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Path to Partnership; The Apartment Developer's Dilemma

I have been fortunate to have the occasion to work with a group of promising young folks and get to hear their hopes and expectations. As I listen, I can’t help but think back to my own career path and chuckle at how little changes generationally. Their wants are no different than mine were at their age. Their frustrations that it all happens too slowly are the same. Their fundamental lack of understanding is heartwarming, as are their expectations.

 Since early in our careers, those of us who are smart, hard-working and motivated have generally focused on the idea of ownership. We see the entrepreneurs who employ us and want to be similar. They embody a version of our concept of success. When we are young, being a partner means having a seat at the grown-ups table. It’s our opportunity to affect change or enable our visions. It’s the gateway to profit and security. There may even be a little pride in the title of ‘owner’ which we covet- if we’re confident enough to admit it.

But because we are smart, hard-working and motivated; we also want things well before we’re ready for them, before we even understand what it is that we think we want. Of course we don’t recognize that we’re not ready; after all we have been told that we are bright and unique snowflakes since we were three years old. So I thought that I might offer some ‘tough love’ advice and words of wisdom to the throngs of audacious talented youth, who will one day, be ready to lead.

 KEY PREMISE: You don’t intelligently partner with someone just because they are your friend or family member; or because they are smart or hard working. You partner because they are indispensible. They have a necessary skill-set that if lacking, would cause catastrophic chaos within the organization.

 CONCLUSION: If you are not a partner, it is because you are still dispensable. Your job is to make yourself the exact opposite.

 So how do you prepare yourself for your rendezvous with ownership? Here are a few key elements:

  1. Think like an owner. Understand every decision through the lens of risk and reward.
  2. Act like an owner. Ask yourself, ‘if these were my dollars at risk, what would I care about?’ And then make decisions accordingly.
  3. See like an owner. View and understand the big picture and find ways to influence it.
  4. Be realistic. Not every skill-set leads to ownership. If what you do is always hirable, then you need to decide to be happy without the title of partner- or learn to do something else.
  5. Make the partners rich. If you don’t directly expand profitability, your likelihood of being considered ‘indispensable’ is exponentially lower. 

 The next issue is investment. Understand that the fundamental difference between an owner and an employee comes down to risk (and almost always, capital at risk). If you want to be an owner, be prepared to put cash on the line. And for the younger folks, don’t mistake ‘opportunity cost’ for investment.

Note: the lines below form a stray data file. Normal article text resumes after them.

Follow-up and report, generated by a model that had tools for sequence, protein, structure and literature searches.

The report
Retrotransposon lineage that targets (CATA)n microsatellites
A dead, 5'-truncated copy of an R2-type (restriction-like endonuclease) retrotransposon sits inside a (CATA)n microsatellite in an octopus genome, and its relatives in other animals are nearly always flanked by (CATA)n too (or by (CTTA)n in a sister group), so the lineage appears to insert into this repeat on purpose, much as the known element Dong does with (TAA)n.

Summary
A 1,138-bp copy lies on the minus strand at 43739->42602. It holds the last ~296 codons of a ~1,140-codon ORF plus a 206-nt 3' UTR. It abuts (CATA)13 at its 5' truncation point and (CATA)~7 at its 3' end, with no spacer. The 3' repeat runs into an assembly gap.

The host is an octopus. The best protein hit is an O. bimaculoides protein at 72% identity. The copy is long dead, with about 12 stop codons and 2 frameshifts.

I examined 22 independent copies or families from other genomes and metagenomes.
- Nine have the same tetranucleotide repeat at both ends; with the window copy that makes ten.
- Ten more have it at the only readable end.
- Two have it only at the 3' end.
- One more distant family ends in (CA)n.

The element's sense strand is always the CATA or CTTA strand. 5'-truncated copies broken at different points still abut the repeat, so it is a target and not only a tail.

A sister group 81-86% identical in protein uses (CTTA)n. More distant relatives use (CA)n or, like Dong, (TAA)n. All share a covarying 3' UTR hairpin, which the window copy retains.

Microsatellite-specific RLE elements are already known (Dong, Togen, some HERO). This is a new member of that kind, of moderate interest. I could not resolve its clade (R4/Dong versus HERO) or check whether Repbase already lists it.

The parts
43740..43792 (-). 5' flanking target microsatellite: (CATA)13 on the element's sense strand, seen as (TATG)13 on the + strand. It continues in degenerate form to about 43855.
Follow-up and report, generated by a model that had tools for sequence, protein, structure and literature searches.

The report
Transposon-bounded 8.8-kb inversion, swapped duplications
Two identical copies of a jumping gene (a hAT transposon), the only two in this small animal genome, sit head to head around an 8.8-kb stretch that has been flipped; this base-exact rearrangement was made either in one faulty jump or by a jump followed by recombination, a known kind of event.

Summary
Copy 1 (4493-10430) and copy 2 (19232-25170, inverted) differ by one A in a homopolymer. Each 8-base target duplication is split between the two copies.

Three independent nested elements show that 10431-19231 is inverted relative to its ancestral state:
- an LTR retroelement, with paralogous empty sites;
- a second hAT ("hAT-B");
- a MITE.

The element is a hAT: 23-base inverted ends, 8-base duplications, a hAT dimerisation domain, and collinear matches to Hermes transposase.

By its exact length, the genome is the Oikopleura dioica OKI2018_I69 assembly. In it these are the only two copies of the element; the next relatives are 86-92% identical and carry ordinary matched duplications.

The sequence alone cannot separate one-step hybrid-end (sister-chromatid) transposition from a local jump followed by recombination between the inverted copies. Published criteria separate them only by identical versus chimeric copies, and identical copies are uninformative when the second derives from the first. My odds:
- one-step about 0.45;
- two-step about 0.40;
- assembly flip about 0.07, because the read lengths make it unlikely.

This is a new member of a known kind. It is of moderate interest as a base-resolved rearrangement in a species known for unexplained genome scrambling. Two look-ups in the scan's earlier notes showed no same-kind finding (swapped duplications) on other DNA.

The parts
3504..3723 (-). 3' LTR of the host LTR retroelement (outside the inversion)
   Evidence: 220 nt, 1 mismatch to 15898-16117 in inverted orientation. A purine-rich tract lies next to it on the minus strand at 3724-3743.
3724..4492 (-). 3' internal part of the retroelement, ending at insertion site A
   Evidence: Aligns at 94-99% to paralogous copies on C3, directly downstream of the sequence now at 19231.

Of course doing all of these things won’t ensure you anything. There are so many additional factors such as; timing, profitability, organizational and business lifecycles, politics, personality, cultural fit, etc. But if you can hone those skills above, you will position yourself to actually deserve the opportunity to join the rank of partner in whatever organization has ‘the right fit.’

 And by the way, wanting to be an owner before you are ready is a good thing. So is the frustration at being told that you ‘aren’t there’ yet. Good luck.

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This comment was minimized by the moderator on the site

Wait, are you saying I'm not a bright and unique snowflake?

But really, fantastic blog, and it's funny because I was working on a very similar blog about acting like an owner.

  Brent Williams
This comment was minimized by the moderator on the site

Brent, I find you to be an exceptional snowflake!

So please piggyback on my topic. What did I miss? Where am I wrong? What insights do you have on your transition from a workerbee perspective to an owner's perspective?

  Ross Blaising
This comment was minimized by the moderator on the site

I like the exceptional snowflake, I think I will start telling my 6 year old this everytime she ask me if she is smart. This was a really good read and I could relate to this! Lately I have been feeling so frustrated with how slow my path is taking me to my ultimate goal of becoming a director of training and a few speaking engagements. Brent recomended me to read this blog and I'm so glad he did. I will print out you guideline and put it every where. Is it odd that I feel over qualified for my position at work and am feeling sufficated by the lack of excitement? I'm wondering if because I have achieve an goal at bringing a property delinquency down below 1K that the thrill of the challenge has worn off. Needless to say thank you for writing this! Jolene

  Jolene Sopalski

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